bigdata

Topics: Business intelligence, Data mining, Hadoop Pages: 79 (21186 words) Published: September 29, 2013
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Big Data

4.1

Introduction

In 2004, Wal-Mart claimed to have the largest data warehouse with 500 terabytes storage (equivalent to 50 printed collections of the US Library of Congress). In 2009, eBay storage amounted to eight petabytes (think of 104 years of HD-TV video). Two years later, the Yahoo warehouse totalled 170 petabytes1 (8.5 times of all hard disk drives created in 1995)2. Since the rise of digitisation, enterprises from various verticals have amassed burgeoning amounts of digital data, capturing trillions of bytes of information about their customers, suppliers and operations. Data volume is also growing exponentially due to the explosion of machine-generated data (data records, web-log files, sensor data) and from growing human engagement within the social networks. The growth of data will never stop. According to the 2011 IDC Digital Universe Study, 130 exabytes of data were created and stored in 2005. The amount grew to 1,227 exabytes in 2010 and is projected to grow at 45.2% to 7,910 exabytes in 2015.3 The growth of data constitutes the “Big Data” phenomenon – a technological phenomenon brought about by the rapid rate of data growth and parallel advancements in technology that have given rise to an ecosystem of software and hardware products that are enabling users to analyse this data to produce new and more granular levels of insight.

Figure 1: A decade of Digital Universe Growth: Storage in Exabytes

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Error! Reference source not found.3

Ovum. What is Big Data: The End Game. [Online] Available from: http://ovum.com/research/what-is-big-data-theend-game/ [Accessed 9th July 2012]. IBM. Data growth and standards. [Online] Available from: http://www.ibm.com/developerworks/xml/library/xdatagrowth/index.html?ca=drs- [Accessed 9th July 2012]. IDC. The 2011 Digital Universe Study: Extracting Value from Chaos. [Online] Available from:

http://www.emc.com/collateral/analyst-reports/idc-extracting-value-from-chaos-ar.pdf [Accessed 9th July 2012].

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4.1.1 What is Big Data?
According to McKinsey,4 Big Data refers to datasets whose size are beyond the ability of typical database software tools to capture, store, manage and analyse. There is no explicit definition of how big a dataset should be in order to be considered Big Data. New technology has to be in place to manage this Big Data phenomenon. IDC defines Big Data technologies as a new generation of technologies and architectures designed to extract value economically from very large volumes of a wide variety of data by enabling high velocity capture, discovery and analysis. According to O’Reilly, “Big data is data that exceeds the processing capacity of conventional database systems. The data is too big, moves too fast, or does not fit the structures of existing database architectures. To gain value from these data, there must be an alternative way to process it.”5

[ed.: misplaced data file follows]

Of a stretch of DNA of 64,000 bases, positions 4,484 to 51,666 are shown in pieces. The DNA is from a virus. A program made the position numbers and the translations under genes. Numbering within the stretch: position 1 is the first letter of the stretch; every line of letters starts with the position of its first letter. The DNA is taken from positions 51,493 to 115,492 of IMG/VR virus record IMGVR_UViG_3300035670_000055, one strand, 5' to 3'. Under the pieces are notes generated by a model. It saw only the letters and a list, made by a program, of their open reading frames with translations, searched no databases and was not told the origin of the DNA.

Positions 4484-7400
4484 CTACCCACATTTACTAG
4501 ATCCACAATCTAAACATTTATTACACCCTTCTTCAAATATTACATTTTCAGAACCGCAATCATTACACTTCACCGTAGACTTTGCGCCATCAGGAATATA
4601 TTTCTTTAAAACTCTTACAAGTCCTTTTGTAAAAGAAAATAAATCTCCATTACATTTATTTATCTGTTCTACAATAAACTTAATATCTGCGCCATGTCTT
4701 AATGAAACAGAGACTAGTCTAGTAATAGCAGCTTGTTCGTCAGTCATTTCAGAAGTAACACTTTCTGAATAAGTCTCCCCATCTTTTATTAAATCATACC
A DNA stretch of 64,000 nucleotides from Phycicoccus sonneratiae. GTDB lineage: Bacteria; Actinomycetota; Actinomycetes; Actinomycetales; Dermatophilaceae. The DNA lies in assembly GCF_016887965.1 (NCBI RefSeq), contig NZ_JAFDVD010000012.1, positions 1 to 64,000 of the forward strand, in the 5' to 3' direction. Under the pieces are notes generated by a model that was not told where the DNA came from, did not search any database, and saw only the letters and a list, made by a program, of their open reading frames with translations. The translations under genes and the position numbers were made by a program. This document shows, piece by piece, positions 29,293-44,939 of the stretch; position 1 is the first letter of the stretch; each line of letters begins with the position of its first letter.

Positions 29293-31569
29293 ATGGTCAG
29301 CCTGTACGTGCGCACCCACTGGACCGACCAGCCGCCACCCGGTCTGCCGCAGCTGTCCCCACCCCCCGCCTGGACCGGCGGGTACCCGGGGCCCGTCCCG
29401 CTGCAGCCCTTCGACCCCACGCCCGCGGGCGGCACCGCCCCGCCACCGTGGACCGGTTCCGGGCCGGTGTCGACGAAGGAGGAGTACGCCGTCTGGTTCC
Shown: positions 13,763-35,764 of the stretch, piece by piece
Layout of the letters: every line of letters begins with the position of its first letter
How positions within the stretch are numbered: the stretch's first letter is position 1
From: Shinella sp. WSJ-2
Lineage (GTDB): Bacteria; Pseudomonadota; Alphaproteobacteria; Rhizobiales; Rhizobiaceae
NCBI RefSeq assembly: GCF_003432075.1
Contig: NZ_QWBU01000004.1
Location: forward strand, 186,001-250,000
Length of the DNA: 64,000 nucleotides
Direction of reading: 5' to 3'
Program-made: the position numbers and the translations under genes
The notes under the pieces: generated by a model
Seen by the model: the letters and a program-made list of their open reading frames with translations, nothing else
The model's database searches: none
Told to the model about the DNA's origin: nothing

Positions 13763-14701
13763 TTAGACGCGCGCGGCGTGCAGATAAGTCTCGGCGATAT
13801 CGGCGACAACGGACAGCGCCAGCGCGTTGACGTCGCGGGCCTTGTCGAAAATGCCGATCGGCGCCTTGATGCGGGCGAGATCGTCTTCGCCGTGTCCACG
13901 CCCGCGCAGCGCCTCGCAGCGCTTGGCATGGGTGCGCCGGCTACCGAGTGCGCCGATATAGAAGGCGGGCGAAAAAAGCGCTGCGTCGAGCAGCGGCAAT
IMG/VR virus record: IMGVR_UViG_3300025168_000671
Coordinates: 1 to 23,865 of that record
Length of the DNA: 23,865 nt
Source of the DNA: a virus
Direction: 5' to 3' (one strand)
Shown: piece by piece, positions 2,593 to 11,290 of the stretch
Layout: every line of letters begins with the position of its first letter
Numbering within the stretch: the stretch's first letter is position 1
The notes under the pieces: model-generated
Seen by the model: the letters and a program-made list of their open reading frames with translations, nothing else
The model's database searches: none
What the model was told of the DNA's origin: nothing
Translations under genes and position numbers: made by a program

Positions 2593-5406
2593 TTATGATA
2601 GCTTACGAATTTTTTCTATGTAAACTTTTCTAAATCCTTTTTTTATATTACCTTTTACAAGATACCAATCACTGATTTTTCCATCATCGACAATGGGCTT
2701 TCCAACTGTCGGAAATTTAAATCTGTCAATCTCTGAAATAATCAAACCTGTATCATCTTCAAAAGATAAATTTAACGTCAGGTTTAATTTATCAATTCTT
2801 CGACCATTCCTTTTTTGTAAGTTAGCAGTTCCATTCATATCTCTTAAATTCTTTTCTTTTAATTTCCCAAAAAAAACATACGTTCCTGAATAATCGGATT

4.1.2 Characteristics of Big Data
Big Data is not just about the size of data but also includes data variety and data velocity. Together, these three attributes form the three Vs of Big Data.

Figure 2: The 3 Vs of Big Data

Volume is synonymous with the “big” in the term, “Big Data”. Volume is a relative term – some smaller-sized organisations are likely to have mere gigabytes or terabytes of data storage as opposed to the petabytes or exabytes of data that big global enterprises have. Data volume will continue to grow, regardless of the organisation’s size. There is a natural tendency for companies to store data of all sorts: financial data, medical data, environmental data and so on. Many of these companies’ datasets are within the terabytes range today but, soon they could reach petabytes or even exabytes.

Data can come from a variety of sources (typically both internal and external to an organisation) and in a variety of types. With the explosion of sensors, smart devices as well as social networking, data

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James Manyika, et al. Big...
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